55. Jerre R, Billing L, Hansson G, Wallin J. The contralateral hip in patients primarily treated for unilateral slipped upper femoral epiphysis. Long-term follow-up of 61 hips. J Bone Joint Surg Br. 1994 Jul;76(4):563-7.
56. Hägglund G. The contralateral hip in slipped capital femoral epiphysis. J Pediatr Orthop B. 1996 Summer;5(3):158-61.
57. Hurley JM, Betz RR, Loder RT, Davidson RS, Alburger PD, Steel HH. Slipped capital femoral epiphysis. The prevalence of late contralateral slip. J Bone Joint Surg Am. 1996 Feb;78(2):226-30.
58. Jerre R, Billing L, Hansson G, Karlsson J, Wallin J. Bilaterality in slipped capital femoral epiphysis: importance of a reliable radiographic method. J Pediatr Orthop B. 1996 Spring;5(2):80-4.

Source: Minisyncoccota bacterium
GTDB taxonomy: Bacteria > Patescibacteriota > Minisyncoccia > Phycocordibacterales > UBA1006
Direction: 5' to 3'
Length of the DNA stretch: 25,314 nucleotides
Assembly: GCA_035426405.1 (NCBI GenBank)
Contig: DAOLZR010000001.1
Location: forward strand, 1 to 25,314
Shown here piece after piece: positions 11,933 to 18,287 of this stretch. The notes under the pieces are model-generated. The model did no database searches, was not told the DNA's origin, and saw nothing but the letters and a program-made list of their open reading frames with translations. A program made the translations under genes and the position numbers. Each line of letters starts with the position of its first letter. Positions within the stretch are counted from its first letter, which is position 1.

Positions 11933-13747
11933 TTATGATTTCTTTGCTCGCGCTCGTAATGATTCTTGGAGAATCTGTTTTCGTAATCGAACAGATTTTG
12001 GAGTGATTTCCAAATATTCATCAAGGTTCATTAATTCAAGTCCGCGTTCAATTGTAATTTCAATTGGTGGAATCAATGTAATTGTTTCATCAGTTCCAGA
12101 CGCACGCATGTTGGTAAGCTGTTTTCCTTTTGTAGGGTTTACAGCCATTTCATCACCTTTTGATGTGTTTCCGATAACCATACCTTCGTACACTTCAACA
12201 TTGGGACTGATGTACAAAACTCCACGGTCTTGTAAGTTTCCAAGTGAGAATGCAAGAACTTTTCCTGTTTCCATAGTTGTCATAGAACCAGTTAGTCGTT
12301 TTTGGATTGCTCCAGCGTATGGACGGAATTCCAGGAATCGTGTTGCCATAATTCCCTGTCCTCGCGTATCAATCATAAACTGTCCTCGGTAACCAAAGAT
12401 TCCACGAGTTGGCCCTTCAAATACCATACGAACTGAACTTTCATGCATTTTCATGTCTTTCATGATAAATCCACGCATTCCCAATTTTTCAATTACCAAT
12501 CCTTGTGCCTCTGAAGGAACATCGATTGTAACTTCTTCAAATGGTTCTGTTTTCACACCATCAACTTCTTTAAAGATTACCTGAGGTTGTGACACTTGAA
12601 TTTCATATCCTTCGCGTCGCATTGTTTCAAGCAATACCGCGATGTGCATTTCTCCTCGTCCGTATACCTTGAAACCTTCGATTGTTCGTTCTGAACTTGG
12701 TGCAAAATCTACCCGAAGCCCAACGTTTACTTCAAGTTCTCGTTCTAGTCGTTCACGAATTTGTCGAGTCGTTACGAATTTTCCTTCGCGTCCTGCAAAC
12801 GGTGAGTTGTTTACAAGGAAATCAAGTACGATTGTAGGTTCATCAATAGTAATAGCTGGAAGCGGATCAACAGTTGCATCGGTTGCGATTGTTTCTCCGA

59. Stasikelis PJ, Sullivan CM, Phillips WA, Polard JA. Slipped capital femoral epiphysis. Prediction of contralateral involvement. J Bone Joint Surg Am. 1996 Aug;78(8):1149-55.
60. Castro FP Jr, Bennett JT, Doulens K. Epidemiological perspective on prophylactic pinning in patients with unilateral slipped capital femoral epiphysis. J Pediatr Orthop. 2000 Nov-Dec;20(6):745-8.
61. Aronsson DD, Loder RT, Breur GJ, Weinstein SL. Slipped capital femoral epiphysis: current concepts. J Am Acad Orthop Surg. 2006 Nov;14(12):666-79.
62. Klein A, Joplin RJ, Reidy JA, Hanelin J. Management of the contralateral hip in slipped capital femoral epiphysis. J Bone Joint Surg Am. 1953 Jan;35(1):81-7.